Bet the Yankees didn’t know when they woke up on Thursday that they’d be able to secure a 2018 MVP candidate and a key reliever on a 2020 NLCS team for free. If you’re Brian Cashman and you’re under sudden duress, though, all rules go out the window. “Team building for 2017” isn’t that funny anymore when you’re just trying to pick up the pieces.
It began on Thursday with the dual additions of Manny Bañuelos, added to the active roster after JP Sears’ late-night demotion rocking No. 68, as well as Matt Carpenter, a three-time All-Star with the Cardinals who reworked his swing this offseason with the help of Joey Votto, Matt Holliday and ex-big leaguer Tim Laker.
But Throwback Thursday wasn’t limited to just the big-league roster. About 45 minutes after Carpenter arrived in Tampa ready to unload suitcases (whatever it takes to get playing time!), ex-Yankees reliever/starter Shane Greene showed up on the Scranton/Wilkes-Barre RailRiders.
After all these promotions and demotions, it turns out there was a little bit of extra room on that staff for Greene to rehabilitate his career after being released by the Dodgers earlier in the campaign.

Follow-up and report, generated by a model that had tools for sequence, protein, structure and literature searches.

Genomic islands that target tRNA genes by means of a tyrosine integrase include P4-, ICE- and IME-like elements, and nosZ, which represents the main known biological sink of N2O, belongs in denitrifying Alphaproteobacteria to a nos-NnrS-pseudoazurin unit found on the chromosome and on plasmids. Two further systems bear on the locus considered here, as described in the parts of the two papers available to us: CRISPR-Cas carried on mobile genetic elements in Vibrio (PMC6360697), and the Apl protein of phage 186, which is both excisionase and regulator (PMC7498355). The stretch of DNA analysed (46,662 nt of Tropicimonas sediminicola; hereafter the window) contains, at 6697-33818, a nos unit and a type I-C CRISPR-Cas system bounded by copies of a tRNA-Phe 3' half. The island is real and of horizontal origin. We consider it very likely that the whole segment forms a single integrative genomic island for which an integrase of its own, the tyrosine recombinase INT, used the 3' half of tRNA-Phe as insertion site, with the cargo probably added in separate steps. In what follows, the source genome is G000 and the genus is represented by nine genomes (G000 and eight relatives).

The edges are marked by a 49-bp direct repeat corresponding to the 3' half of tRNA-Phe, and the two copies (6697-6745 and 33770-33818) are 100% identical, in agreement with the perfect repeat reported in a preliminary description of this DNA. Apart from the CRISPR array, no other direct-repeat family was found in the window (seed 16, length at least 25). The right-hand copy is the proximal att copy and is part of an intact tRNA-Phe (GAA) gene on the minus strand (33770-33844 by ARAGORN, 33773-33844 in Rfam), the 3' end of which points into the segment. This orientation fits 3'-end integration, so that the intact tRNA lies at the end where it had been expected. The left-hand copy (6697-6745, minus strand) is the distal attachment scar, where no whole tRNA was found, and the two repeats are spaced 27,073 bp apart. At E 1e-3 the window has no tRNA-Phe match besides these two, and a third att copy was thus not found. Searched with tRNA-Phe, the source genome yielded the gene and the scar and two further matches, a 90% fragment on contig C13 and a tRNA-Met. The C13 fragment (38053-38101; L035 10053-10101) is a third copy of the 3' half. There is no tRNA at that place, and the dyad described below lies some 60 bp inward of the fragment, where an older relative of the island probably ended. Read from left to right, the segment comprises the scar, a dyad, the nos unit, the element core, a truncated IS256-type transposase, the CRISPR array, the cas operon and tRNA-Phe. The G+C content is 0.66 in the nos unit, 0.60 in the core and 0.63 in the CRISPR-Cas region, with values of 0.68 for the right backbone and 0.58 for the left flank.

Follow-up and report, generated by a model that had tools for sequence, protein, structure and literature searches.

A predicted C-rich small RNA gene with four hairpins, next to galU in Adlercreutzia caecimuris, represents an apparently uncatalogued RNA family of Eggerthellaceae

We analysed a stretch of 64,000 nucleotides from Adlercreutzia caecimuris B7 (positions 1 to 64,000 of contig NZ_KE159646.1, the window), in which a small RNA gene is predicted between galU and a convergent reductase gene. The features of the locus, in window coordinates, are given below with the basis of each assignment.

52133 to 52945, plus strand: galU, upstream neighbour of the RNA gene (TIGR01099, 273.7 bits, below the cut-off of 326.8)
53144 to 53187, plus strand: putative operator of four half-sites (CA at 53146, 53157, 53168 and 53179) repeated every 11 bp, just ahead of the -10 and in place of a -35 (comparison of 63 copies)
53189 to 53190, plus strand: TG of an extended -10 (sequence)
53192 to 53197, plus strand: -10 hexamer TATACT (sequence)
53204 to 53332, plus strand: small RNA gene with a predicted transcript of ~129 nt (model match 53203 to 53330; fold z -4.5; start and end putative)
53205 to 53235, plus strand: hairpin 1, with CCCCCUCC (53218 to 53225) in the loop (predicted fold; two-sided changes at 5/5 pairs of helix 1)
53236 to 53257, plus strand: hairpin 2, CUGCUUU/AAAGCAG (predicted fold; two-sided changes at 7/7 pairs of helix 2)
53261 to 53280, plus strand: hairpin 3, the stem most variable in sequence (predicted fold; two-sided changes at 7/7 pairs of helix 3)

And so, Greene popped onto the Yankees’ Triple-A roster less than two years removed from posting a 2.60 ERA (181 ERA+) during Atlanta’s shortened season and Bubble Playoff Run, during which he allowed just a single earned run in six innings pitched (with six strikeouts) across three rounds.
Will Greene rekindle that magic? If not, the risk is less than zero. If so, the second-half Yankees could get an injection from an unexpected source.
Yankees taking shot on RHP Shane Greene at Triple-A
2021 Greene could not find his form in Atlanta, opening the follow-up season with an 8.47 ERA in 19 games before joining the Dodgers midseason and performing better in limited duty (6.2 innings pitched, 7 K, 3 ER, 3 hit batters???).
He made it to 2022 on the Dodgers’ roster, too (on a minor-league deal), but was an early-season release during the team’s mid-April tweak. LA prefers relievers who can zip up and down the minor-league ladder with options, and Greene is decidedly not that, nor did he perform well enough to earn a permanent spot in their ‘pen.
But in New York, he’ll get a fresh chance beginning in Triple-A with an organization that was very formative for him. In 2014, Greene made his major-league debut, posting a 5-4 record and 3.78 ERA during a successful second half near-surge (with an inept offense backing him). Surprisingly, Greene was flipped to Detroit weeks later in the three-way deal that brought Didi Gregorius to New York (!) and Robbie Ray (!!!) to Arizona.
Adding Greene on a no-risk deal feels very Dodgers-esque, considering how often that team has committed money to bullpen arms who will be unavailable for nearly the length of the contract (Tommy Kahnle, Jimmy Nelson, Blake Treinen…).
There’s no “troubling” minor-league deal, and the Yankees could use mid-tier veteran bullpen depth, too, in addition to high-upside kids. Greene fits the bill, and could play a fireman role down the stretch.